But we still need to keep in mind that writing a book is a challenge that takes many authors an entire year, or many, to accomplish. I’m trying to write 3 books in a month.

Wish me luck!


Researching Royals for the Shadeworld Series


Sometimes when writing about dragons and magic and awesomeness like that, you have to research real life facts and stuff. It’s a strange world novelists live in.


Researching Royalty

For those of you reading the Shadeworld series (P.S. The Dragon Bites, The Dragon Fights, The Dragon Sleights) you’ll know that royalty plays a major part in the plot line. There’s revolution and amnesia and an Earth High School and a bunch of teenagers, but at the center of it all there’s Prince Aeron, Prince Richard, and King Vovin, the royals who rule over the entire Shadeworld, and every creature from harpy to fey to vampire that lives there. But, on account of how I’m an American, I’m not super up to date on royalty and all of that sort of thing.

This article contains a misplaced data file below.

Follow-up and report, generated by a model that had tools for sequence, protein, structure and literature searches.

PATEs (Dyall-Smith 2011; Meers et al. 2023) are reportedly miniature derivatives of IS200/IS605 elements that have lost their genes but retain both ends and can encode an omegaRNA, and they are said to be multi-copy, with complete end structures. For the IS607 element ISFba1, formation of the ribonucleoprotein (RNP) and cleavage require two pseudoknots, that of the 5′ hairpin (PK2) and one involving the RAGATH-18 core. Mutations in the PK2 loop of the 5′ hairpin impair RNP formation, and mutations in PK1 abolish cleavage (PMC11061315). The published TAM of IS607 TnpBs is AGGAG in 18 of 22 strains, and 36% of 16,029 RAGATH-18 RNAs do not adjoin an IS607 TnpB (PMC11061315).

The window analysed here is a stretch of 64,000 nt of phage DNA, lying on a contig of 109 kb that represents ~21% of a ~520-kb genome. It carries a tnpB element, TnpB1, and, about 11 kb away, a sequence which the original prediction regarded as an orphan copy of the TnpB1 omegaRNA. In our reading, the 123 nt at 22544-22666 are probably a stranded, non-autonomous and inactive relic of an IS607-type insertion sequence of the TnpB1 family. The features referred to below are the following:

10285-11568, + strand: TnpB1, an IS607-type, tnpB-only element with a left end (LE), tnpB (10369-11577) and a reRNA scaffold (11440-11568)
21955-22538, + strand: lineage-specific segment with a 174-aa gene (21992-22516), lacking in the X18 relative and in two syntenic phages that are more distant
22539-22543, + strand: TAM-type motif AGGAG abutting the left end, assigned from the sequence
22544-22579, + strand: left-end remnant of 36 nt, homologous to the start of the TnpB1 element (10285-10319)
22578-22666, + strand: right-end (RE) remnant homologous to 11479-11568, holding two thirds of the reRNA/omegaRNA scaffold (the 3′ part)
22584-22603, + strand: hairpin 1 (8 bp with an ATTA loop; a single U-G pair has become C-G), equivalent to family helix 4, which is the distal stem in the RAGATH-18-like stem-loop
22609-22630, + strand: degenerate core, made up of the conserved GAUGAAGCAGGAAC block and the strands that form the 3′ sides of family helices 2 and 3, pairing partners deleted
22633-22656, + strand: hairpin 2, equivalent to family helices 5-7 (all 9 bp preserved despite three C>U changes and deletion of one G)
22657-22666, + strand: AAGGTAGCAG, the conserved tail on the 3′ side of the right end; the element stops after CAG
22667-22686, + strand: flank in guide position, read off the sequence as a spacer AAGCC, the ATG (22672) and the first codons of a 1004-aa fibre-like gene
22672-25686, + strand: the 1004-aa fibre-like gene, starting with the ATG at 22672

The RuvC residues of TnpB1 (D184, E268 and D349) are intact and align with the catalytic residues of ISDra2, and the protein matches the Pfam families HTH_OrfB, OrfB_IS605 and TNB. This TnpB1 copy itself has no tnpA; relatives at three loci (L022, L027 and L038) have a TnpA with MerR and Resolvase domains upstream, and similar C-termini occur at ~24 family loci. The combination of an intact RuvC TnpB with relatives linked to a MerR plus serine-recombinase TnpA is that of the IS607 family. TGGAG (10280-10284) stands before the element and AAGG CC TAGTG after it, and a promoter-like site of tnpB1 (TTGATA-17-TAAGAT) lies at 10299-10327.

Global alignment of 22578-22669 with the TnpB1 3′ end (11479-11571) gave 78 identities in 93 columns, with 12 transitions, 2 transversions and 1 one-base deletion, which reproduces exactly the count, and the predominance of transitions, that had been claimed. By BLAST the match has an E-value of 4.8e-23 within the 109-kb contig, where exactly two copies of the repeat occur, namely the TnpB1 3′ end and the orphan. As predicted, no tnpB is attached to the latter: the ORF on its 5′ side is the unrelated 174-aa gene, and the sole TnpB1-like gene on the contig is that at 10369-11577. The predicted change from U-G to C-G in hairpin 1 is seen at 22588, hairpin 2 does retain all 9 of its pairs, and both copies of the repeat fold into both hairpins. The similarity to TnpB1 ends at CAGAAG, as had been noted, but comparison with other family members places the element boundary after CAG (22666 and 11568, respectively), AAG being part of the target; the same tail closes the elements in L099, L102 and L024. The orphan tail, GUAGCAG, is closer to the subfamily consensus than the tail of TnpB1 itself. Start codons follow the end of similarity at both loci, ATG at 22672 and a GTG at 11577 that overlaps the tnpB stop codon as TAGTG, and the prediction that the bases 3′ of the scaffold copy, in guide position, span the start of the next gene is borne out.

So while in earlier books I researched fighting and battle tactics, for P.S. The Dragon Sleights I set myself to research up on royalty. And because of a certain famous royal wedding, I decided to do a bit of research on how royalty works in Britain.

So I want to take you along on a bit of the research rabbit hole now and share some of the things I used to learn about the royals.

a rhinestone crown with fleur de lis with pearl details on white bright backgroud

Research is a Great Excuse to Watch T.V.

It’s true, research is a great excuse to watch t.v. What I like to do since I work at home now is to turn my lunch break into a nice time to enjoy my food while watching an episode of something fun on Netflix. Here’s what I’ve been enjoying:

Grace of Monaco